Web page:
- High probability is defined as an 80% to 100% chance of having had a PE. Such patients have (a) unexplained dyspnea, tachypnea, and/or pleurisy, (b) an unexplained gas exchange abnormality or x-ray abnormality, and (c) a risk factor for hypercoaguability.
- Intermediate probability is defined as a 20% to 79% chance of having had a PE. Most simply, such patients are defined as not meeting criteria for high or low probability.
- Low probability is defined as a 1% to 19% chance of having had a PE. Such patients may have dyspnea, tachypnea, pleurisy, x-ray abnormalities, or gas exchange abnormalities. However, in these patients, such findings can be attributed to a different condition. Typical risk factors for hypercoaguability are not present.
The clinical impression can then be combined with the radiologist's interpretation of a V/Q scan, CT angiogram, or both. Each radiographic test has limitations. V/Q studies are very difficult to
interpret in the context of coexisting lung disease such as pneumonia, emphysema, or fibrosis and take a long time to complete compared with a CT angiogram. However, V/Q has been more thoroughly evaluated and, in otherwise normal lungs, is more sensitive to peripheral emboli. CT angiography can be performed quickly and usually detect emboli in the large central and segmental pulmonary arteries if present. However, some reports suggest that the sensitivity of CT angiography may be as low as 70%. Further, the resolution of CT scanner at different centers varies widely, intravenous contrast is required (which may pose risks) and the expertise of radiologists also varies.
These imaging limitations emphasize the important role of the clinical impression in the workup of a suspected PE. If the clinical impression and radiographic assessment both suggest a low probability of PE, the evaluation can be stopped. If both suggest a high probability of PE, anticoagulation should be continued or initiated. However, if both the clinical impression and radiographic assessment suggest intermediate probability, or if one or the other suggests high probability, invasive angiography should be pursued. For the patient in whom the clinical probability of PE is low and the radiographic assessment suggests intermediate probability (or vice versa), some investigators have advocated the use of lower-extremity duplex ultrasound imaging to rule out venous thrombosis. If such testing is negative, anticoagulation therapy may be withheld without further evaluation provided close follow-up is available.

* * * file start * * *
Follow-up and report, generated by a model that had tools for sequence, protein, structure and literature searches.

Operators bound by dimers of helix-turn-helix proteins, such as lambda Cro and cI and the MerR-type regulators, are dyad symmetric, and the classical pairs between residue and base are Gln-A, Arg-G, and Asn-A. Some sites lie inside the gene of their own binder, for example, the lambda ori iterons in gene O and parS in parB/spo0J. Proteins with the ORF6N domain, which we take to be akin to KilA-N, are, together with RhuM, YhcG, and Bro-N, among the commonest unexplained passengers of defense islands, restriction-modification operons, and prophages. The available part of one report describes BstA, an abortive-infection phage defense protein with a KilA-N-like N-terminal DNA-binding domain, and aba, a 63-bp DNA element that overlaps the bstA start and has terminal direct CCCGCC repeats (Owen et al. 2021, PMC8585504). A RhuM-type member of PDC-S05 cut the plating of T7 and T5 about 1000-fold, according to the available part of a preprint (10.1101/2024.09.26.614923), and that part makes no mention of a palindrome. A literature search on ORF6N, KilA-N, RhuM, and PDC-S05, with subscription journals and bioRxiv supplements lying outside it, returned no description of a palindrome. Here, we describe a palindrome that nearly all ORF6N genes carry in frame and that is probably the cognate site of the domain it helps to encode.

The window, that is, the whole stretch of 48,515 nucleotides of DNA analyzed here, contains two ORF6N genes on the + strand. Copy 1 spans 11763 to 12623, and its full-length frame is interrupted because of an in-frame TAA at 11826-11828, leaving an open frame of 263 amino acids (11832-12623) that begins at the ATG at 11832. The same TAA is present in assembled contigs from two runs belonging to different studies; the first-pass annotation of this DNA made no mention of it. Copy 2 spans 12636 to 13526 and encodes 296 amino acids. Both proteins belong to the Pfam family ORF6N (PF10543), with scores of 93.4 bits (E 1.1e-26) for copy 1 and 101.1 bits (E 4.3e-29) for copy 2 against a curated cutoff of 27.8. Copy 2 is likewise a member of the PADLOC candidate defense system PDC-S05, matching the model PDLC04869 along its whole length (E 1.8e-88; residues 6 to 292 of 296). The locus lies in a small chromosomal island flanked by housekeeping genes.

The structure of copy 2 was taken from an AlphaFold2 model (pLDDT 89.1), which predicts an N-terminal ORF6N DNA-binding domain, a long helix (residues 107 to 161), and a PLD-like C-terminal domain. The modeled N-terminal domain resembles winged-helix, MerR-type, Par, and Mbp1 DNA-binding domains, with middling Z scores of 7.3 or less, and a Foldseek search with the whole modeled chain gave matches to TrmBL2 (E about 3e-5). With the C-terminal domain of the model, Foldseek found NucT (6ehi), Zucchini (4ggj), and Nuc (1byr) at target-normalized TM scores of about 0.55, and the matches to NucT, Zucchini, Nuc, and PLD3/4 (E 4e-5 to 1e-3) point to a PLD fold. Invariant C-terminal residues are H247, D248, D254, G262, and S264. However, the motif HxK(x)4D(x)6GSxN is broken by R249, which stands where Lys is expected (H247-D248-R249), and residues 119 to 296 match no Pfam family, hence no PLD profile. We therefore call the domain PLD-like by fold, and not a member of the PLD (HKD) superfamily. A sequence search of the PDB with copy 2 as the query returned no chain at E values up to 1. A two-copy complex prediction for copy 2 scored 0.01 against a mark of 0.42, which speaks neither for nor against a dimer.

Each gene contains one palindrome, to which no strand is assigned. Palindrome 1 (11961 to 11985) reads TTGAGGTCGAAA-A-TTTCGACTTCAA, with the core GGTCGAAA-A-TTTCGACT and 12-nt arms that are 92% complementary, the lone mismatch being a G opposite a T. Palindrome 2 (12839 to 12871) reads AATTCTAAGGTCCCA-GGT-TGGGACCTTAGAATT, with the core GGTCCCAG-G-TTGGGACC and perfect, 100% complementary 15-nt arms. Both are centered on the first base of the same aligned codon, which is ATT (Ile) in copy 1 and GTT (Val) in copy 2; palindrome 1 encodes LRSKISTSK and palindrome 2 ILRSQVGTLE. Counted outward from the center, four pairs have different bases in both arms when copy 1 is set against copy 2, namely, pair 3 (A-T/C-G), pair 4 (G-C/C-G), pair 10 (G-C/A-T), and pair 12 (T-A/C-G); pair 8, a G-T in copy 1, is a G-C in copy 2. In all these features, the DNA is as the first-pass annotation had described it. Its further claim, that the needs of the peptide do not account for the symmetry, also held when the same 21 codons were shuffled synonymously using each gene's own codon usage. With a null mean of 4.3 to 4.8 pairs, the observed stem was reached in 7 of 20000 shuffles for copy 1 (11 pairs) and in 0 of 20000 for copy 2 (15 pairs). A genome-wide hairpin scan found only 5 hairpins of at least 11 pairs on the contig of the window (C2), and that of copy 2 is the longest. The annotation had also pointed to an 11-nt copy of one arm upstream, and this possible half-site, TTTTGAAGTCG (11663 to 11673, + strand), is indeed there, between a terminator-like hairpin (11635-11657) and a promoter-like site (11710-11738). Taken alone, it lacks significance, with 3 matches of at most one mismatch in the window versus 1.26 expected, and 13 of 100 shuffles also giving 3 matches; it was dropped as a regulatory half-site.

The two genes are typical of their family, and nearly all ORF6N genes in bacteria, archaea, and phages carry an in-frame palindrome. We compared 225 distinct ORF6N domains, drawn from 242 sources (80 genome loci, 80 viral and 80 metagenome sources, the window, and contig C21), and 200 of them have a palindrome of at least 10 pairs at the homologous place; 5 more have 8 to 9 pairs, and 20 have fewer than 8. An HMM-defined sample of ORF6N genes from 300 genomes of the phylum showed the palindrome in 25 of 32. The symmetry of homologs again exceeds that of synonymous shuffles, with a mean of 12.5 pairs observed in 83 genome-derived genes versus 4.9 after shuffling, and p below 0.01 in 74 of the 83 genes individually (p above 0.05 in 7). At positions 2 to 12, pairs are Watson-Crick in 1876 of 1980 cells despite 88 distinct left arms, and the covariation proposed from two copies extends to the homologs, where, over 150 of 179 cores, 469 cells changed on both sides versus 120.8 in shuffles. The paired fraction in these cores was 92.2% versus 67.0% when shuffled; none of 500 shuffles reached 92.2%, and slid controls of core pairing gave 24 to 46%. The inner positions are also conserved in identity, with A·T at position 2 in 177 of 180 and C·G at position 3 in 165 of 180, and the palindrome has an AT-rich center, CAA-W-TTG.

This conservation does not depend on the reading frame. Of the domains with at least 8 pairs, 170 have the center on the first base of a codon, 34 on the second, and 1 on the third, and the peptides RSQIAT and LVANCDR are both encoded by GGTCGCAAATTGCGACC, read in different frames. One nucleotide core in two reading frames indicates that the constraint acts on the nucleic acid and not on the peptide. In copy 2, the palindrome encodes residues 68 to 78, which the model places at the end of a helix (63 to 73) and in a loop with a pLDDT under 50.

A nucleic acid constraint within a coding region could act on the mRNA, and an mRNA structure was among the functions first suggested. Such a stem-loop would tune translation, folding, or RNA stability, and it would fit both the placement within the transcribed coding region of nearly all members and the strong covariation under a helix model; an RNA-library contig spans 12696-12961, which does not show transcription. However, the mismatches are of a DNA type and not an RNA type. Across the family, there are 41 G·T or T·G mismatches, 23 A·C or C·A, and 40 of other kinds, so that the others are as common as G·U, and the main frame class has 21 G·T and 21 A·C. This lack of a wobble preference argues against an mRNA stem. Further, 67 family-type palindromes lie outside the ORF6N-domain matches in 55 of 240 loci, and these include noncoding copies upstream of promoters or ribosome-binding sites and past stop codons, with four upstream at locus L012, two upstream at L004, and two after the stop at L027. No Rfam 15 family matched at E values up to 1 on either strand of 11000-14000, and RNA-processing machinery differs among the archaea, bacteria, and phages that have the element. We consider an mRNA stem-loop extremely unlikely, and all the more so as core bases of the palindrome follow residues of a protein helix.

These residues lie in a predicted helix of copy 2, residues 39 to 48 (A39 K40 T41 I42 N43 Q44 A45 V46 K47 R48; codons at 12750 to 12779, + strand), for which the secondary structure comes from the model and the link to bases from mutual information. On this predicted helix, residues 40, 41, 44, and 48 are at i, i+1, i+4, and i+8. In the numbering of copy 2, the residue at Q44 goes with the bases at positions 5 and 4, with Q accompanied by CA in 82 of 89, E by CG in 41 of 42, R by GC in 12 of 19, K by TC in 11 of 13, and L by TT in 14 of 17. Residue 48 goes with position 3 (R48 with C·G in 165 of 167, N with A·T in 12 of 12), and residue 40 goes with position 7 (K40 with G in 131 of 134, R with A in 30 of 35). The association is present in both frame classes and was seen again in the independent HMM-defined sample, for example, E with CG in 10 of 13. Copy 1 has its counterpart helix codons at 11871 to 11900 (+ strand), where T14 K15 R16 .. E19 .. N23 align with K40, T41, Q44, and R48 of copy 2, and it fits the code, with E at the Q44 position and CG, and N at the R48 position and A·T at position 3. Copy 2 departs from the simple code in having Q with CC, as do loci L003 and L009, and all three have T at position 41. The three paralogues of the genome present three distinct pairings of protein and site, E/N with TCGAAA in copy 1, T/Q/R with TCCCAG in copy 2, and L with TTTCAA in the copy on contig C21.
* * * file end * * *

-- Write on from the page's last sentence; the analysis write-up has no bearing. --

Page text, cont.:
There has been much emphasis on the use of d-dimer assays in the evaluation of deep venous thrombosis and PE in the last several years. It is frequently suggested that a positive d-dimer is nondiagnostic, but that a negative result rules out venous thrombosis and/or PE. However, studies assessing the utility of d-dimer testing in the diagnosis of thromboembolic disease show that the results of d-dimer tests are subject to not only the type of test used (latex agglutination or enzyme-linked immunosorbent assay [ELISA]) but also the prevalence of thromboembolic disease in the study population, patient age, length of hospitalization, and even location in the hospital (floor vs. emergency department). For these reasons, d-dimer testing remains of little utility, especially when the clinical impression suggests a high probability of PE.